The Scottish environment: a context for examining environmental change impacts on water quality

S. J. Langan, Christopher Soulsby

Research output: Contribution to journalArticlepeer-review

11 Citations (Scopus)

Abstract

The variation in water quality experienced in Scotland reflects differences in the physical environment and land management. These differences occur both as a result of natural variability. societal development and pollutant inputs. A large proportion of the land area of Scotland is upland in nature which is extensively managed. Whereas in the lowlands, intensive land management predominates. In addition, water quality in the lowland areas in the vicinity of Glasgow and Edinburgh is influenced through the legacy of Victorian and latter day industrial and urban development. A general introduction to the spatial distribution of these facets of Scotland and their relation to water quality is presented. (C) 2001 Elsevier Science B.V. Ail rights reserved.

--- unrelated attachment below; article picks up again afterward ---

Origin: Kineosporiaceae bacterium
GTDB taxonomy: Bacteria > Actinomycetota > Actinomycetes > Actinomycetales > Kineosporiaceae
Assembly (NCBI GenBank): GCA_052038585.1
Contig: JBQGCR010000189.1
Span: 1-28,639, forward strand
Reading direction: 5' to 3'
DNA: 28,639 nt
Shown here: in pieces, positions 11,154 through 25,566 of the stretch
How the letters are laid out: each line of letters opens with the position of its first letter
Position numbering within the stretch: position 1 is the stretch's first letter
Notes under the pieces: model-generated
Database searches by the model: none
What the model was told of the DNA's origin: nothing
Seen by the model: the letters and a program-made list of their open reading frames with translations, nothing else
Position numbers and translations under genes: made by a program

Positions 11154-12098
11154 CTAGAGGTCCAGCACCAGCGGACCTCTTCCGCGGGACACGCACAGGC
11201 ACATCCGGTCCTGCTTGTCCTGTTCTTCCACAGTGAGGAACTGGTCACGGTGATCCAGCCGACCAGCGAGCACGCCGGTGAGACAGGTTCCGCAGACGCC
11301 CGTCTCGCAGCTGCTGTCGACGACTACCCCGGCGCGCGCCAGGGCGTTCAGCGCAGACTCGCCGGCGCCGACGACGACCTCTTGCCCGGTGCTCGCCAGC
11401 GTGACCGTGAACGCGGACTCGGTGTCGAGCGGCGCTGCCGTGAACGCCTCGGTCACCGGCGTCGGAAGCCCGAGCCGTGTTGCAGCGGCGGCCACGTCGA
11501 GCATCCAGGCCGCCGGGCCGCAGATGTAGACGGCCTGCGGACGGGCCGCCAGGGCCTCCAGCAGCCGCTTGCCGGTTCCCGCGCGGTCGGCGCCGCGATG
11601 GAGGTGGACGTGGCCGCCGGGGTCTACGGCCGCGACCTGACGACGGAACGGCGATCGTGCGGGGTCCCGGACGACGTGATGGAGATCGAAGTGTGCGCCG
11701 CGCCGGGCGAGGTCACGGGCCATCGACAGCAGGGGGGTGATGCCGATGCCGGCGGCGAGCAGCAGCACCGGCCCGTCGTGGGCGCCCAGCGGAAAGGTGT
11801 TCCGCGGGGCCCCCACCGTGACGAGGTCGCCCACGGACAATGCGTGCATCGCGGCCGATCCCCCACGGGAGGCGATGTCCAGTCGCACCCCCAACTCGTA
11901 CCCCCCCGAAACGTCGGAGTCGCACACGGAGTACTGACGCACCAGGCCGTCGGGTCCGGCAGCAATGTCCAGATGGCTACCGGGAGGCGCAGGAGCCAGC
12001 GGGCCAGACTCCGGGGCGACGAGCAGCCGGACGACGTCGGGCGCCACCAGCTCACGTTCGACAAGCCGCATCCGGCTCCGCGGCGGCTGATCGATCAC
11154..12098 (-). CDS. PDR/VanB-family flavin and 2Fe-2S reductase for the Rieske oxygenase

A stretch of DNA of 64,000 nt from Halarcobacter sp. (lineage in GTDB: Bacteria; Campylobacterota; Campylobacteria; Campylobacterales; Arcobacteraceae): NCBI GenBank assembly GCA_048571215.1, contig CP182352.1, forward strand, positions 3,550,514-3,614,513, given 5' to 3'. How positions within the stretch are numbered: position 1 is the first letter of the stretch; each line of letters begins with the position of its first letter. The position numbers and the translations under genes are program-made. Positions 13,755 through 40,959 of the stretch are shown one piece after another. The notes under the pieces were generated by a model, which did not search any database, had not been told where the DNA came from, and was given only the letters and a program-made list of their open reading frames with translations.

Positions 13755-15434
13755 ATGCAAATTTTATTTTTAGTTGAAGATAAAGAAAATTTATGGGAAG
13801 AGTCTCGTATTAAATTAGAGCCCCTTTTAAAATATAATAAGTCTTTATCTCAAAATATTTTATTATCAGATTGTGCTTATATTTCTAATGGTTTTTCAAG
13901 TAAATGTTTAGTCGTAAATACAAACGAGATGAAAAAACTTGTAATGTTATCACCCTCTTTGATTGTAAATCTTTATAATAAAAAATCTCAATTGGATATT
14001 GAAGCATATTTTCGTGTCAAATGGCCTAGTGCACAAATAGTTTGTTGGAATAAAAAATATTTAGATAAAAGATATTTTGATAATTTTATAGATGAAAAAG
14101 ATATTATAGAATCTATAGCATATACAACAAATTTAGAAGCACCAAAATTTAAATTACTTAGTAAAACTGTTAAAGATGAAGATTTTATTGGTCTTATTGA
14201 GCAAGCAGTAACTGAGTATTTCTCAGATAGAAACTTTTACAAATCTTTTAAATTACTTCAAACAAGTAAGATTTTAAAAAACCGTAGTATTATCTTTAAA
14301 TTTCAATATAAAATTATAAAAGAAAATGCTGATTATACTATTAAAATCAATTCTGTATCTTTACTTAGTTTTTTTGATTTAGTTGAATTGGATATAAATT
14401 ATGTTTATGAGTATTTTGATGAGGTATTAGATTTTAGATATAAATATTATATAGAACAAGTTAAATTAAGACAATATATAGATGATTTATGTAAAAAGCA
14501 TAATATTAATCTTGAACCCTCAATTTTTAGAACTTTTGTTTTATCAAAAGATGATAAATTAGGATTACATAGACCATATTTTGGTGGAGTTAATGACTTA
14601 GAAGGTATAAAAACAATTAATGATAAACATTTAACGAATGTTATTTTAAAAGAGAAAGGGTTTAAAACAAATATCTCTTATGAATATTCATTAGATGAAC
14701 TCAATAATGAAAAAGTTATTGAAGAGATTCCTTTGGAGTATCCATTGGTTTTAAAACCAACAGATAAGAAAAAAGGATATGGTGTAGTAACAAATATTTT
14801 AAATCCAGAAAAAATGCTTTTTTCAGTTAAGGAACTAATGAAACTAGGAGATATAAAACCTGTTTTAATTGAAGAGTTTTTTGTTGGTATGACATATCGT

Original languageEnglish
Pages (from-to)7-14
Number of pages7
JournalScience of the Total Environment
Volume265
Issue number1-3
DOIs
Publication statusPublished - 2001

Keywords

  • Scotland
  • water quality
  • land use
  • soils climate
  • pollution

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